The division manufactures niche products such as dielectrics, underlayers, yield enhancers, CMP slurries and pattern enhancers, as well as conventional products consisting of IC photoresist (light-sensitive material), thick film resists, edge bead removers and other ancillary products. This division also includes photolithographic printing chemicals for printing plates, which are used in the printing industry.
Growth drivers in IC Materials
The growth in demand for semiconductors is the primary growth driver for IC Materials. Semiconductor production is expected to continue to grow over the next few years at historically healthy rates, as the demand for consumer electronic devices accelerates. Devices such as smartphones, tablets and e-readers will all contribute to this growth, but we will also see growth in other areas such as automotive, medical and industrial applications.
Semiconductors are mostly based on silicon wafers. The number of wafer starts is therefore a useful indicator of demand for the advanced chemicals that are used in producing semiconductors. However, the demand for advanced chemicals should exceed wafer starts, as semiconductor manufacturers continue the process of miniaturisation, increased functionality and greater processing power which is required for each new generation of devices.
Further miniaturisation, in line with Moore’s Law, will require further advancements in specialty chemicals. Semiconductors are created in patterned layers, which ultimately form a complete integrated circuit. As the number of layers on a semiconductor rises, so can the demand for the latest advanced chemicals. Products such as anti-reflective coatings to improve pattern uniformity and fidelity, specialty rinses to reduce pattern collapse and defects, and chemical shrink materials for controlled reduction of feature sizes, are essential for enabling die size reductions and enhancing manufacturing yields.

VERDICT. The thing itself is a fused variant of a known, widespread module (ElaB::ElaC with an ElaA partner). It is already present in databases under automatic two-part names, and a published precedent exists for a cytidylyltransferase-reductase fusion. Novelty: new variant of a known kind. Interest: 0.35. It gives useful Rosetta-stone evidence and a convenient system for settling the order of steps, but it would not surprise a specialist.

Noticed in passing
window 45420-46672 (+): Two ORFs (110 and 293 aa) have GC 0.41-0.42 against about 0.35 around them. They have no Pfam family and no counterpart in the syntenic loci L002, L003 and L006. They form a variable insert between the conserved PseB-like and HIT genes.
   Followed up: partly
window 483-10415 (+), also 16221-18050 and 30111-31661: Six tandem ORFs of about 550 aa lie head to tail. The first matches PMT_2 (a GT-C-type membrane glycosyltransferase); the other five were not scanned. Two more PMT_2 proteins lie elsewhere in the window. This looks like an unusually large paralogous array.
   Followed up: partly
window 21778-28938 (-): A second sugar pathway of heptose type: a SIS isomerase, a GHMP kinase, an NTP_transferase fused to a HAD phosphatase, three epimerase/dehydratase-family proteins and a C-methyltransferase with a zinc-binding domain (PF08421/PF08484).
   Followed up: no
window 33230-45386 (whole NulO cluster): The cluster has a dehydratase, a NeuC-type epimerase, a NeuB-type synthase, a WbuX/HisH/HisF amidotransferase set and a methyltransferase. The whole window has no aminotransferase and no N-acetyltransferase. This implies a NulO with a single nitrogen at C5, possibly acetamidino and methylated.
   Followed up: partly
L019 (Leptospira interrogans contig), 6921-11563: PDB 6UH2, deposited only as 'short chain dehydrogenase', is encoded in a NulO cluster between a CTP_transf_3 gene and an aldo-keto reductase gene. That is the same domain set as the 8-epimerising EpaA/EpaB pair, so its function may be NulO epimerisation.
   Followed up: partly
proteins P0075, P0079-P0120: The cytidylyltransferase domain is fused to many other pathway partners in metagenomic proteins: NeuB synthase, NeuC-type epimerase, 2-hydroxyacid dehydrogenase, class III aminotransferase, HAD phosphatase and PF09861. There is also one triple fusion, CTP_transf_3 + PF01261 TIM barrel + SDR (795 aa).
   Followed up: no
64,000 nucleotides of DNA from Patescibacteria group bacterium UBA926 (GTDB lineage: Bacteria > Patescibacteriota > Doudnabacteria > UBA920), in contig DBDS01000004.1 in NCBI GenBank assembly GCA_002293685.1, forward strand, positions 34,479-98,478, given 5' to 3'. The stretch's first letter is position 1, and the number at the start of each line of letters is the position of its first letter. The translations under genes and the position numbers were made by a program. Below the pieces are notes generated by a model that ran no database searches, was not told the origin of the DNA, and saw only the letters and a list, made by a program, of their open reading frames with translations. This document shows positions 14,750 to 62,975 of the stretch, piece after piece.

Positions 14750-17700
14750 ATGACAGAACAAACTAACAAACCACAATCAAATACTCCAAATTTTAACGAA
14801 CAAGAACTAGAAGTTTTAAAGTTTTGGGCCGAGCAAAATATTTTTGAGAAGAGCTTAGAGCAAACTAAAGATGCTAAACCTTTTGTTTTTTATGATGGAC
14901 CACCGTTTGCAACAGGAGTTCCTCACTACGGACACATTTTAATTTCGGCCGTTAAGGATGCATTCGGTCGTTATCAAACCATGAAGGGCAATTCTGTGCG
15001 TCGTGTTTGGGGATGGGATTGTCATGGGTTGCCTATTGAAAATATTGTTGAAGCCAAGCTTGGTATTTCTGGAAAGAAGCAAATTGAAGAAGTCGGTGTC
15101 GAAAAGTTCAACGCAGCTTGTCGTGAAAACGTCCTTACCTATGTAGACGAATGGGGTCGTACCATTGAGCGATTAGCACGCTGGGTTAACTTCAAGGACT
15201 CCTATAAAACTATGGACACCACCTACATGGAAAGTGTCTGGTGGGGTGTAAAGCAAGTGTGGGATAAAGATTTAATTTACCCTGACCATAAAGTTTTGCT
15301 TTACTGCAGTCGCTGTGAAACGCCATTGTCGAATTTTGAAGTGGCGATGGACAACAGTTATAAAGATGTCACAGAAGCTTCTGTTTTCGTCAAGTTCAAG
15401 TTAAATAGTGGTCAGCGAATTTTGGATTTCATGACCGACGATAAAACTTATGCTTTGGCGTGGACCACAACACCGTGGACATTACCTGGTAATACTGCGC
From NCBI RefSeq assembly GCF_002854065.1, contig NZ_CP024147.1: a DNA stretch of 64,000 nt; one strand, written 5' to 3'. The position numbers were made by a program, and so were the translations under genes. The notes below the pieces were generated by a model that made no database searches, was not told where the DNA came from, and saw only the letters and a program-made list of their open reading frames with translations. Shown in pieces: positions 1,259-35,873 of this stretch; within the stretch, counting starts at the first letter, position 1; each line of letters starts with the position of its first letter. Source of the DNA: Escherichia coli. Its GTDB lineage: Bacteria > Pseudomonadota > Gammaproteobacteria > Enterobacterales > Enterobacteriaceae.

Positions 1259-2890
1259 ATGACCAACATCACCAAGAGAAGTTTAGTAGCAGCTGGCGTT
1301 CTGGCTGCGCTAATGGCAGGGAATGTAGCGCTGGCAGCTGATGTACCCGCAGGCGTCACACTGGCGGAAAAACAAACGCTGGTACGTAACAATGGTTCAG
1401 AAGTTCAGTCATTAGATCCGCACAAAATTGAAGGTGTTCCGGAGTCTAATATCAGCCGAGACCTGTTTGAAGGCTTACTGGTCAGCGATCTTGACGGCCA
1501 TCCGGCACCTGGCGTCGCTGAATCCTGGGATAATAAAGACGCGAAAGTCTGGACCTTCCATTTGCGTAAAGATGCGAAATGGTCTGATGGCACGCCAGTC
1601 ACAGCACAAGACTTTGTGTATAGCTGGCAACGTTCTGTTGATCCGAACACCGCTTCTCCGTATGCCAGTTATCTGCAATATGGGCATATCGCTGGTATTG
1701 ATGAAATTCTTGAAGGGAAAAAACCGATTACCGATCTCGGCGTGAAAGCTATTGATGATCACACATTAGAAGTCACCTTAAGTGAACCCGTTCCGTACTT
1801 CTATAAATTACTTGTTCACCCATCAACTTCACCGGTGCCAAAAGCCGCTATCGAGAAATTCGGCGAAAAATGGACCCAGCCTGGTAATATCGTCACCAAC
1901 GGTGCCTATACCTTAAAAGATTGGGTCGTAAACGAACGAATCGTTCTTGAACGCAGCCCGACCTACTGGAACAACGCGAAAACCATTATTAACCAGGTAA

One new material innovation is negative-tone development (“NTD”), in which the light-sensitive material used to create patterns on the semiconductor (known as the photoresist) is exposed to light and the organic solvent used for development removes the unexposed material, effectively reversing the imaging. This provides finer resolution capabilities and process window performance. The use of NTD in manufacturing is aided by new anti-collapse rinse agents to gain the process window improvements needed to deliver cost-of-ownership benefits. Chemical shrink materials are also finding use in NTD flows to further push resolution, enabling even finer feature patterning with installed lithographic tool sets.
With smaller and smaller patterns needed, new patterning techniques such as extreme ultra-violet (“EUV”) lithography and directed self-assembly (“DSA”) are likely to be required. EUV will require the use of new coating and protection materials, while DSA – which may offer a very significant reduction in cost-of-ownership compared with EUV – requires entirely new materials which are being pioneered by EMD Performance Materials.
Memory chips continue to advance. Smaller feature sizes are being developed allowing higher capacity in a smaller space, as well as lower energy use. 3D NAND (a type of flash memory) is being developed for the future, where memory cells will be stacked on top of each other. New chemical materials products and processes will be needed for these memory chips, again driving demand for companies such as EMD Performance Materials.